6 Secrets: When Plans Meet Reality
Most of us will agree with Robert Burns who famously wrote, "The best laid plans o' mice and men gang aft agley." I'm not great with Scottish, but like Bobby Burns I've seen plans go awry.
If you've never witnessed people (or mice) scurrying to figure out how to get their plans back on track after they have run off the rails, then you have lived a sheltered life - or aren't paying attention.
Be Ready for Holes in the Road
Even the greatest action plans seldom go exactly as you intended. In order to be truly great, your plan should be ready for obstacles and snafus.
Consider these 6 secrets:
- Anticipate - anticipate - anticipate. To expect that things will go like clockwork places way too much trust in the elements of pretty much everything we try to accomplish. A little thought and preparation up front can help you respond to problems that rear their ugly heads. They are still problems but you will have removed the element of surprise.
- Remember Murphy's Law. Murphy's Law says that anything that can go wrong will do just that. Some people claim that Murphy was an optimist, so it is a good rule to keep in mind.
- Plan for specific contingencies. If you can envision problems and obstacles, a good next step is to develop a plan to deal with them, e.g. what if it rains for your outdoor event, what if your sales prospect objects to your price, what if a key employee is sick at the absolute worst time, etc. The problem may not arise, but you will be ready.
- Remember the people component. A smart planner will always count on people to do things for their own reasons, not ours. You might hope that you have employees, vendors and even customers who will do more than you want, sooner than it is needed and without being asked. A good plan will anticipate that it will be less than we want, not on time and will require constant reminders. Build it into your expectations.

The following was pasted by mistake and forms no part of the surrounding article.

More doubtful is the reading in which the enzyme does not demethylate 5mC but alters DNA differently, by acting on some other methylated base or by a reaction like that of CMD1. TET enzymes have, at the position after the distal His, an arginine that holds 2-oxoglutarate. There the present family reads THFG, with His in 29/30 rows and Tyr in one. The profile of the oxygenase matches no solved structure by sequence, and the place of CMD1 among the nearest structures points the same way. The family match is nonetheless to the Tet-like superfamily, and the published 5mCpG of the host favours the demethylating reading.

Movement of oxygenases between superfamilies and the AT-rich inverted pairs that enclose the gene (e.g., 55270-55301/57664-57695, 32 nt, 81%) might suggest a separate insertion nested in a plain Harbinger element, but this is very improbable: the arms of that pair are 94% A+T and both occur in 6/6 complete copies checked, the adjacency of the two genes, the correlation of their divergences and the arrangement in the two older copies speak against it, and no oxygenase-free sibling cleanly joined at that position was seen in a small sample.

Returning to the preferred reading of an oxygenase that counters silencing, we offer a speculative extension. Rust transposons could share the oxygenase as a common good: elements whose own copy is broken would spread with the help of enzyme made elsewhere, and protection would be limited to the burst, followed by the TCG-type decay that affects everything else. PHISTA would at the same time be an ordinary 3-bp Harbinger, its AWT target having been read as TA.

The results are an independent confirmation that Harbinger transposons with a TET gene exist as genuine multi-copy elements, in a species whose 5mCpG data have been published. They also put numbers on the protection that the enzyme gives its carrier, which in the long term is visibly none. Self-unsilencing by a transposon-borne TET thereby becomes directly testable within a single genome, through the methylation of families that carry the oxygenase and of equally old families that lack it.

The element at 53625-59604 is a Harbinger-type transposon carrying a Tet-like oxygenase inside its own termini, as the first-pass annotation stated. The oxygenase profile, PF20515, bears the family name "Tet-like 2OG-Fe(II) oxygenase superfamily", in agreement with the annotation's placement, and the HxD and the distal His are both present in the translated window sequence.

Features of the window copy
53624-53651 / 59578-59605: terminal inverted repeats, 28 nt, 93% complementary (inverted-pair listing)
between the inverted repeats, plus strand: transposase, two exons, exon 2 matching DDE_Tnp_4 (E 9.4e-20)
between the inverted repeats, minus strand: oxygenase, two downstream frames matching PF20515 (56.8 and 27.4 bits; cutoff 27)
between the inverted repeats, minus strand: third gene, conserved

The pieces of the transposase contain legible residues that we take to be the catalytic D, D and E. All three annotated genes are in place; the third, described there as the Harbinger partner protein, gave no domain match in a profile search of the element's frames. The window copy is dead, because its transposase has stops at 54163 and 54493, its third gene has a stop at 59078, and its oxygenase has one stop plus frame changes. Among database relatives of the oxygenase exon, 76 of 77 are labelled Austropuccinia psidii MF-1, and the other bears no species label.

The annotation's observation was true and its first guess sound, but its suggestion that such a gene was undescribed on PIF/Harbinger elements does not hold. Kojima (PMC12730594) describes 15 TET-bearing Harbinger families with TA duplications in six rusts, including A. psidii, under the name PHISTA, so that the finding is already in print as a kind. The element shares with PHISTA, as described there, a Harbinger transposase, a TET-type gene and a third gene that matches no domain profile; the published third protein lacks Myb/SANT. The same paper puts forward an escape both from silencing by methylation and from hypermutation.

- Add time to the timeline. If the work plan (without any hiccups) calls for a certain completion schedule, the wise planner will add a cushion, knowing that one or more elements will take longer, not work as anticipated or a valued participant might completely drop the ball. Extra time will provide breathing room to regroup and recover.
- Welcome problems. In the final analysis, you should welcome the problems that come up. Often, they help you identify flaws in your initial plan, highlight inconsistencies in your approach or lead you to a better alternative.
Planning to Build KASH At the end of the day (metaphorically or in reality), when you build a plan that anticipates the elements that will go wrong, you are usually much more successful. In addition, your KASH (knowledge, attitude, skills and habits) is that much stronger for the next time.